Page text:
Barley market ready for roller-coaster ride

Barley market ready for roller-coaster ride

Grains
POPULAR PICK: Barley is likely to be a popular crop this year, being a relatively low cost and low risk option.

POPULAR PICK: Barley is likely to be a popular crop this year, being a relatively low cost and low risk option.

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What drivers are on the cards for barley in the year ahead?

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Barley is a feed grain with great versatility.

It has found itself in many cropping rotations in the previous years due to difficult seasonal conditions.

It has managed to handle most frost and fill heads with reasonable grain quality and size. Barley is also relatively low risk and low cost to produce.

Much of our barley produced is exported, with Australia contributing 30 per cent to 40pc of the world's exported malting barley and 20pc of global feed barley exports in an average year.

More than 60pc of this exported barley has been going to China.

With both African swine fever and the novel coronavirus, the environment for barley being exported into China has changed. So what drivers are on the cards for barley in the year ahead?

The negatives

Coronavirus is more recent news, but the larger influence on barley pricing and feed grain exports remains ASF.

Removing almost a quarter of the world's pig population has major flow-on consequences.

The demand for feed grains into China will recover slightly, but difficulties in containing ASF, constraints in the rate at which other meat producers can increase their production and coronavirus are slowing down recovery efforts.

If we see a recovery in feed demand, the United States-China trade deal will place us at a disadvantage as China has to preferentially buy US ag commodities.

This includes sorghum and corn, which directly replaces barley in feed rations.

As well as this, at the height of Australian barley exports into China, there was a high supporting corn price for Chinese producers.

This priced corn out of feed mixing rations. Barley was used instead, but the present supporting price is not as high.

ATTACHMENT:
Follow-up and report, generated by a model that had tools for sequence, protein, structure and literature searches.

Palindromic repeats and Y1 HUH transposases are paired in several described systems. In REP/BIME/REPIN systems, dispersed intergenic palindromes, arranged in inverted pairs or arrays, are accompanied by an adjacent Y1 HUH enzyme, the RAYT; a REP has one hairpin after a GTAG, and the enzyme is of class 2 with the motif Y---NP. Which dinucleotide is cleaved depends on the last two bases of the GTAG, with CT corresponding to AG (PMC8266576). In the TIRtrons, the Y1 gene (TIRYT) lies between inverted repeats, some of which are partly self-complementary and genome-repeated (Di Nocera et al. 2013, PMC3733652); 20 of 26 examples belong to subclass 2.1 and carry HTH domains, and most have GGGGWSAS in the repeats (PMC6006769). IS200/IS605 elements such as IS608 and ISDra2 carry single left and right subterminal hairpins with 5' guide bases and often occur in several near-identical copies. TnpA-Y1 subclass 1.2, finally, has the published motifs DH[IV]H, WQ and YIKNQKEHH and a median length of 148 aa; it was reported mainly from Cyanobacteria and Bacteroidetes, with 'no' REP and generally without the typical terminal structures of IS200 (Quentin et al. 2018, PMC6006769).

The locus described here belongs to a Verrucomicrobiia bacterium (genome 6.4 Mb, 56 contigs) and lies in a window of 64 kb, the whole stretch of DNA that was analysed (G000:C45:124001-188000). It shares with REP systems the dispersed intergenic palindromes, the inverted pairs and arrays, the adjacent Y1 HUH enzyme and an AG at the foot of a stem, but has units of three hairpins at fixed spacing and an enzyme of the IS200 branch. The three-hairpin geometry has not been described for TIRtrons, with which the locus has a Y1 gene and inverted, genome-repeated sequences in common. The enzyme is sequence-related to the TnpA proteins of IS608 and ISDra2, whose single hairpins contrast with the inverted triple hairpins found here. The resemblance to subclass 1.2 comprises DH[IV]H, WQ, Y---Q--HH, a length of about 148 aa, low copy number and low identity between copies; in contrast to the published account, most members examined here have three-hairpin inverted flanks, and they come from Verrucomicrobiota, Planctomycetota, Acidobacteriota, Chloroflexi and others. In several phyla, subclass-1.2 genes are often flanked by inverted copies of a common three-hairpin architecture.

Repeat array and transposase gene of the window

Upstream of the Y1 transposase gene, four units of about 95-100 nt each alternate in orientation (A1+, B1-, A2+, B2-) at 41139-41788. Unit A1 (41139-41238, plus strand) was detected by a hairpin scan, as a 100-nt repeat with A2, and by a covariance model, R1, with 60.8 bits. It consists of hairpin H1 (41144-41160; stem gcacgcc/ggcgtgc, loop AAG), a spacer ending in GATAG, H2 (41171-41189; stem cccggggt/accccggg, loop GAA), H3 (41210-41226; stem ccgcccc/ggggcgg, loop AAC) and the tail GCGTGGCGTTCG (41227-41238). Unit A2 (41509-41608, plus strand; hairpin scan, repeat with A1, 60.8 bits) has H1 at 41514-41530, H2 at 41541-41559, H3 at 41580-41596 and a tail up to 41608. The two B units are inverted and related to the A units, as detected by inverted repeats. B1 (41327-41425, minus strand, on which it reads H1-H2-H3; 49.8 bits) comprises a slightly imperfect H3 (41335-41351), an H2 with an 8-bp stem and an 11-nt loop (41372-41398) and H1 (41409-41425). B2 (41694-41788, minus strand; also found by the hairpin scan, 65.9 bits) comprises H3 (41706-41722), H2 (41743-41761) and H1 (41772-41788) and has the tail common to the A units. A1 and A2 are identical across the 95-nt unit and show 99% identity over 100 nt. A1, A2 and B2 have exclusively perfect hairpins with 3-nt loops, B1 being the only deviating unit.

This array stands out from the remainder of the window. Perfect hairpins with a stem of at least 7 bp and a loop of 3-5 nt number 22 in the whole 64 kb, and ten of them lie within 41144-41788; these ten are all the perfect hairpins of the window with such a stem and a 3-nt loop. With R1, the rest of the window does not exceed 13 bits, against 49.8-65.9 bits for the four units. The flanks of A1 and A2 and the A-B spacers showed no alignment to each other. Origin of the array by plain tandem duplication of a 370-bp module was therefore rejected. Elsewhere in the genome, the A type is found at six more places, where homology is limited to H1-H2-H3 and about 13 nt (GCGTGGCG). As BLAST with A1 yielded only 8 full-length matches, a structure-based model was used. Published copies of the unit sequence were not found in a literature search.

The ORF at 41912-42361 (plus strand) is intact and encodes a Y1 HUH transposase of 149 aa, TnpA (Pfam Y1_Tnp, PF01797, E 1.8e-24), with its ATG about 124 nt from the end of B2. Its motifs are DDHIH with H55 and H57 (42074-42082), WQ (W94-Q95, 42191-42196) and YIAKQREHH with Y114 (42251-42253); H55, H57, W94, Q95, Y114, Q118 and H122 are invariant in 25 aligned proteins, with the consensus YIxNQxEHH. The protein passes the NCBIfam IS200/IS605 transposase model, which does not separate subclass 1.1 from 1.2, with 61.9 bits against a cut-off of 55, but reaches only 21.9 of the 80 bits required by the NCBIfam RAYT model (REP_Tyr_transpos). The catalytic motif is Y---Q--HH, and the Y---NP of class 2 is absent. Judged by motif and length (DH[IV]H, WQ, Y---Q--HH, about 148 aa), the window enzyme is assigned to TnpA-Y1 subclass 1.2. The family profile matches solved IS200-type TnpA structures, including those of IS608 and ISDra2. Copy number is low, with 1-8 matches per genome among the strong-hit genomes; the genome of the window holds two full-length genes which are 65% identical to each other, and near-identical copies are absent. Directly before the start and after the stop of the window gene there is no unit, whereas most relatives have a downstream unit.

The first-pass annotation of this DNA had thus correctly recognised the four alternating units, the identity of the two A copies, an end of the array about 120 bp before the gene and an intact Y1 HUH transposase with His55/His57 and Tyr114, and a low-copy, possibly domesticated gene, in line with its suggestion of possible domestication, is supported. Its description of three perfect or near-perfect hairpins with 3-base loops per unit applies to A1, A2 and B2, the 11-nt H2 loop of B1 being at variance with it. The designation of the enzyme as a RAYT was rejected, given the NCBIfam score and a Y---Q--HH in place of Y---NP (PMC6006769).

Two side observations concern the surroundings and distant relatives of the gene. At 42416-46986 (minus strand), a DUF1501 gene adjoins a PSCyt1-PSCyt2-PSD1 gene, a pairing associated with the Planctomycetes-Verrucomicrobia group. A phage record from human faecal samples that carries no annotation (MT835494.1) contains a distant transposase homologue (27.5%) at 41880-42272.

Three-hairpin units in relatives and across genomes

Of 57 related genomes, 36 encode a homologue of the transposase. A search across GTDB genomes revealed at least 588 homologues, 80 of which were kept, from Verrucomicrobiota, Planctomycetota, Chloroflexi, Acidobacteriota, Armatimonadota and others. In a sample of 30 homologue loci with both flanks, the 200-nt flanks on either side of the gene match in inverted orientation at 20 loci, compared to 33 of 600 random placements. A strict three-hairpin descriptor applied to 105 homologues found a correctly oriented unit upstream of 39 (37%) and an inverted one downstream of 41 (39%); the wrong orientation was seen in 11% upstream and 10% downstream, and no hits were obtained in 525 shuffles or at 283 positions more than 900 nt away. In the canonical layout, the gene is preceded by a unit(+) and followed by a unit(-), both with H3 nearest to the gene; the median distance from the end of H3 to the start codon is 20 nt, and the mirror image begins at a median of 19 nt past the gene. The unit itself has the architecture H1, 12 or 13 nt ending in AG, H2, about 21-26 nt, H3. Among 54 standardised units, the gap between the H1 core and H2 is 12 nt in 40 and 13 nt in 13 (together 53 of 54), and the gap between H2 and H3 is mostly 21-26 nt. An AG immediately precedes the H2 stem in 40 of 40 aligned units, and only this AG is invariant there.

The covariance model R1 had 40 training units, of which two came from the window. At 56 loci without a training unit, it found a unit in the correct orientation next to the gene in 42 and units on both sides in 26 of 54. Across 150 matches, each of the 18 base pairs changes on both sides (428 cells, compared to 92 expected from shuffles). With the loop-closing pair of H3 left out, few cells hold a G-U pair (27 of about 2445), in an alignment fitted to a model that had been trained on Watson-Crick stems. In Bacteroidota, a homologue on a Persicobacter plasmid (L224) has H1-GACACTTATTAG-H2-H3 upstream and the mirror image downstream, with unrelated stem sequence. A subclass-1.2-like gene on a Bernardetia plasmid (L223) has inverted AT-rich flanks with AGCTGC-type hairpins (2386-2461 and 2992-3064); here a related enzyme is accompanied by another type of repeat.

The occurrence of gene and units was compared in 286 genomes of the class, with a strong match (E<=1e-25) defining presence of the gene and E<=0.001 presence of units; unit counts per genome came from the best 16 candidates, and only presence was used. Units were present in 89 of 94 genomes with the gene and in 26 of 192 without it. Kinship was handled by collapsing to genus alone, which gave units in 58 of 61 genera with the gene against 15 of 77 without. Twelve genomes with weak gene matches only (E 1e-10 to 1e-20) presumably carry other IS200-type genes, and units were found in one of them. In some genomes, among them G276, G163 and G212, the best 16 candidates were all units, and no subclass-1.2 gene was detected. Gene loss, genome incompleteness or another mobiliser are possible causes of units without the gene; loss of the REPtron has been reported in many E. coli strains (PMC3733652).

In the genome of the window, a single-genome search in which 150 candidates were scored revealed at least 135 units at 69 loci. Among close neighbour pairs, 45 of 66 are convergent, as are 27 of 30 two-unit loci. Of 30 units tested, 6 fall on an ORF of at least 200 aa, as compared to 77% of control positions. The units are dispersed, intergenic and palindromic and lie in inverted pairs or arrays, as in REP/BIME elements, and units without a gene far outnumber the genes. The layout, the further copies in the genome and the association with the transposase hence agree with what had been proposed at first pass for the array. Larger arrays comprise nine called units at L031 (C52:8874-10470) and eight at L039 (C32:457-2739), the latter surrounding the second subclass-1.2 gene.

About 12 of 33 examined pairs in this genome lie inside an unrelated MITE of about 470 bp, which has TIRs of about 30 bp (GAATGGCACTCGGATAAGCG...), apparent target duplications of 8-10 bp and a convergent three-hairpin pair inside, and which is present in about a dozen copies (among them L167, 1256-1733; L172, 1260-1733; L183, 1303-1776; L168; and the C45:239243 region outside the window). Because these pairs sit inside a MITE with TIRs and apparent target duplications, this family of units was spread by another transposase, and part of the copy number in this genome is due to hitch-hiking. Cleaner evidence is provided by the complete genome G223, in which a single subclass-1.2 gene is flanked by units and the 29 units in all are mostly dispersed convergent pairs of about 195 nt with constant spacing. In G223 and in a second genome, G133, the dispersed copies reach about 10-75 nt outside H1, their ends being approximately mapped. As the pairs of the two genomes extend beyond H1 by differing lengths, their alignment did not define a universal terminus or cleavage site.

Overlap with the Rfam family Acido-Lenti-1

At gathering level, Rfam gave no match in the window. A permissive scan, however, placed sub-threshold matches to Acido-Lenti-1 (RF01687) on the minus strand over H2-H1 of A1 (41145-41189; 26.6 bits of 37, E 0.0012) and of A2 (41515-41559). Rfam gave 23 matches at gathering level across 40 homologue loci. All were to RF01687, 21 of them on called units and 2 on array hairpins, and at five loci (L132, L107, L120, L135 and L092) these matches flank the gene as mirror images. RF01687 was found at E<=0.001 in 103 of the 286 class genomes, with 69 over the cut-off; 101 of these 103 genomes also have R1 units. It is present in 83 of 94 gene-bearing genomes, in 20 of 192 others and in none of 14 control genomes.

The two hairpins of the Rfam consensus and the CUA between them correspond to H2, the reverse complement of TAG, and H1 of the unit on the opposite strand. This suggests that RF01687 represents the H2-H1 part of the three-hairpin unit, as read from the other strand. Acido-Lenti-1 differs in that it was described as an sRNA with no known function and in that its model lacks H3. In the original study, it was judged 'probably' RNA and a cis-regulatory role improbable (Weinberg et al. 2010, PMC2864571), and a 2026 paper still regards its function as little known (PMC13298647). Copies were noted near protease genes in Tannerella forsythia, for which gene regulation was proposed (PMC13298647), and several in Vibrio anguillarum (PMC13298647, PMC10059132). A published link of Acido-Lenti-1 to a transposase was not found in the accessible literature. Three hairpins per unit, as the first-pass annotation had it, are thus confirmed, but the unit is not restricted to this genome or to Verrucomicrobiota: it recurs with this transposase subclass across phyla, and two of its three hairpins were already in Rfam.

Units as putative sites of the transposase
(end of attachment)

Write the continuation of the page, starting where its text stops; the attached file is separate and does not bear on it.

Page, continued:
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Global production of barley is also expected to increase by 13pc and stocks are tipped to rise by 20pc due to increases in production in the European Union and a return to more average conditions in Australia.

Domestically, many farmers will be looking for resilient crop types, consequently seeing barley work its way into rotations.

The investigation into the countervailing measures and anti-dumping allegations out of China are also still hanging in the air, with decisions postponed from late last year to May and June of this year.

Without the certainty of a decision, there is an added risk to barley purchases out of Australia.

As well as feed barley, China is a big consumer of Australian malt barley. This is because China is the largest producer and consumer of beer in the world.

A short-term impact of the coronavirus will be a slowdown in beer production and consumption, consequently reducing malt barley demand. But, this is likely to be short-term.

The positives

Australia is coming from a position of low to no stocks of grain and fodder through many parts of the country and will have to rebuild these stocks in the coming seasons.

This lends a little support to pricing, with some domestic demand still there throughout the coming months before new crop hits markets.

Indian fumigation requirements have also changed. This may see potential increases in malting barley exports.

This is starting from a low base of 11,000 tonnes, so this market is unlikely to replace Chinese demand - but it is another potential market to access and support barley pricing.

An Indonesian trade deal means Australia can export 500,000t of feed grain preferentially ahead of other origins.

This can include barley, feed wheat and sorghum and increases 5pc each year.

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This again does not make too much of a dent in the amount that would traditionally end up in China, and would also take some education in milling as typical feed grains include corn over barley.

The good news is Australia is looking to other markets, but this will take time to develop and foster the relationships to support long-term, sustainable trade.

The outlook for domestic demand longer term is also positive as Australia's population increases and people have the flexibility to increase the amount of protein in their diets.

The goal of any grain marketing strategy is to manage price and production risk.

Knowing what is driving our markets can help to form our thinking and outlook for the year ahead.

With this in mind, it is a good time to be forming our strategy, particularly with an average year potentially ahead.

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